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Michael Carlowicz
NASA Earth Observatory

When oil leaks or spills into the ocean, the water surface changes. That may seem obvious to anyone who has watched polluted water stain a beach or marsh, but in the vast and deep blue ocean, oil is not always easy to spot. Some satellite imagers can make oil spills easier to detect in open water.

Landsat view of the California Oil Spill
Credits: NASA Earth Observatory images by Joshua Stevens, using Landsat data from the U.S. Geological Survey

At least two satellites caught a glimpse of oil in the ocean off the coast of Southern California on October 2-3, 2021. The first image above is a natural-color view acquired at 11:22 a.m. Pacific Daylight Time (18:22 Universal Time) on October 3 by the Operational Land Imager (OLI) on Landsat 8. Amid clouds and haze, as well as white streaks from large cargo ships and boat wakes, hints of oil are faintly visible. Half a day earlier, the European Space Agency’s Sentinel-1B satellite acquired a radar image at 6:49 p.m. PDT on October 2 (01:49 UTC on October 3) as shown in the below image. The slick stands out better in this view.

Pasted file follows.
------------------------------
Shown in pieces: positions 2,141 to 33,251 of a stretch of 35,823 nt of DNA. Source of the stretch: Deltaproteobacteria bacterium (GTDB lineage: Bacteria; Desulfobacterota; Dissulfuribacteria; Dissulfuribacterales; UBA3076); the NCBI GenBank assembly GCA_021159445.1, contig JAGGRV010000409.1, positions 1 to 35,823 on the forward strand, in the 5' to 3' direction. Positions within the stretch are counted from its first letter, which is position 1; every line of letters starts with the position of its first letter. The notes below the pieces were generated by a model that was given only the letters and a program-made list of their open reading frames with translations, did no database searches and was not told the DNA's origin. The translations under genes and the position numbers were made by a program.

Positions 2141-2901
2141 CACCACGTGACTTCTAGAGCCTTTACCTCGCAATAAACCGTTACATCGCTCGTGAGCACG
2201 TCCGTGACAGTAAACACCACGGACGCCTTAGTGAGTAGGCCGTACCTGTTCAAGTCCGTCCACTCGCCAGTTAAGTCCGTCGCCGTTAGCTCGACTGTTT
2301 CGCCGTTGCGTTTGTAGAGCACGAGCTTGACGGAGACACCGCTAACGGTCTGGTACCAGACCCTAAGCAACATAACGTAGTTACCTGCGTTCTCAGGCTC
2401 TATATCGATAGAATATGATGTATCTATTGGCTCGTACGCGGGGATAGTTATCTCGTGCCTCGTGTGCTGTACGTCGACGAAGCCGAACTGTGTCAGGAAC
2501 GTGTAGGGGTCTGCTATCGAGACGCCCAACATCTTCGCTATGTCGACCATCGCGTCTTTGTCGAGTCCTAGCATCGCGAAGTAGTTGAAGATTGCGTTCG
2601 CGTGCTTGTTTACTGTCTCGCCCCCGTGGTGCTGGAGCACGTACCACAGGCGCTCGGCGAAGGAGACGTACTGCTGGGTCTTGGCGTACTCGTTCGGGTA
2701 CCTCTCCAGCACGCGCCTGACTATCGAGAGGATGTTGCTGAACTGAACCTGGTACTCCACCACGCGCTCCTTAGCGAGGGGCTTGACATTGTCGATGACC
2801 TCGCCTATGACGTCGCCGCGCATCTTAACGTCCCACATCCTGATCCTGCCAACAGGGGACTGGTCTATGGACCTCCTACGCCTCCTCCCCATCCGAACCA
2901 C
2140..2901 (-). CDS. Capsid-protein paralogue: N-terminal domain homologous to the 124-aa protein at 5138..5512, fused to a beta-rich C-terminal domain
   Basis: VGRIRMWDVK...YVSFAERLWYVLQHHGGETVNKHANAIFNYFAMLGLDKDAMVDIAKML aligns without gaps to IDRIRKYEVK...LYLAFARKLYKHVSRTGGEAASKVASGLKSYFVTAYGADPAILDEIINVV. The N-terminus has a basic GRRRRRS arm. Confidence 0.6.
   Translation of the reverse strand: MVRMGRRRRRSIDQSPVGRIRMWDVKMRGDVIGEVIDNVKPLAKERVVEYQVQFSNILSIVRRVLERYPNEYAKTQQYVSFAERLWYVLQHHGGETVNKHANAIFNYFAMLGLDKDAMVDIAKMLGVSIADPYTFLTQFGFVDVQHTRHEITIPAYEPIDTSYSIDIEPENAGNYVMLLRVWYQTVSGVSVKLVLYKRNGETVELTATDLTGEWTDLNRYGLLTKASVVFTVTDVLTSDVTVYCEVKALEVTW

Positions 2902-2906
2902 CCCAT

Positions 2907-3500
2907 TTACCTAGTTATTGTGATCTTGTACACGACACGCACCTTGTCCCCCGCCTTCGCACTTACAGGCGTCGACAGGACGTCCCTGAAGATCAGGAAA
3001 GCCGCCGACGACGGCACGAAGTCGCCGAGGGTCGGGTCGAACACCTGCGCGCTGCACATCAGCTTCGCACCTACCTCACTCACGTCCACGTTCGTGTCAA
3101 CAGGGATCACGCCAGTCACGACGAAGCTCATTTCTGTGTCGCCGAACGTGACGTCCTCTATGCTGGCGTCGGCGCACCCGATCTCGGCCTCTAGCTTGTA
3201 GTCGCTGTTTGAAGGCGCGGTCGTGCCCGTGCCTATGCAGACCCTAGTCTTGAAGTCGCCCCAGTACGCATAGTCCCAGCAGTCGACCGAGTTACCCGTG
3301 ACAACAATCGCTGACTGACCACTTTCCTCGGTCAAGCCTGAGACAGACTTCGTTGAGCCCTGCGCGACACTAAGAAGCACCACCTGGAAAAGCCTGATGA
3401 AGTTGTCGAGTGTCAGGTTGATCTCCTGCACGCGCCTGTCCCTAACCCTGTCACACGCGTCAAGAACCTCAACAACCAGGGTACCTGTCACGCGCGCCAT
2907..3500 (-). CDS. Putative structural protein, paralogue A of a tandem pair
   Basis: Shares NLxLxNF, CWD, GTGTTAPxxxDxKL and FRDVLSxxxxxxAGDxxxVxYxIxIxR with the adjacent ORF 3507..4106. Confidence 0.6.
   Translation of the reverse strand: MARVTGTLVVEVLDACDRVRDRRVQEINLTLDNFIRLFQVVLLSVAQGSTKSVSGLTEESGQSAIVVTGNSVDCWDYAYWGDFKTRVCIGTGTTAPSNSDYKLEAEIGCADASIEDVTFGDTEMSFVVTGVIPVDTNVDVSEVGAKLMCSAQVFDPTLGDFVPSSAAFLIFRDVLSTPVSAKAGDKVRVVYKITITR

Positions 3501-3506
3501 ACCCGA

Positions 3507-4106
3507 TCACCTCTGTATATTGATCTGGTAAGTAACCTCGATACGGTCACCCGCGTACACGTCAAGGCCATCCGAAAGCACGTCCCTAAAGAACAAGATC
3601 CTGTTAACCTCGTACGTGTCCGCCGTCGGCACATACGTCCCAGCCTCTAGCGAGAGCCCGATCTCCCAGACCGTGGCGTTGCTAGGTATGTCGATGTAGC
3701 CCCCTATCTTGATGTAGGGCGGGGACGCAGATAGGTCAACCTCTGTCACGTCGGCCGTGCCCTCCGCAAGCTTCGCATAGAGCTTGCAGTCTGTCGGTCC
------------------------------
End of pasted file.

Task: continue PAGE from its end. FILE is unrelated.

Sentinel satellite imagery of the California Oil Spill.
Credits: NASA Earth Observatory images by Joshua Stevens, using modified Copernicus Sentinel data (2021) processed by the European Space Agency.

Sentinel-1B uses synthetic aperture radar (SAR) to observe differences in the roughness of surfaces on Earth. The roughest surfaces appear brightest, while smoother surfaces appear dark. Oil makes the ocean smoother by reducing the size and number of “capillary waves” at the surface. (If the angle of sunlight is right, scientists can also use sunglint to trace large spills.)

Read the full story at NASA Earth Observatory: Satellites View California Oil Spill




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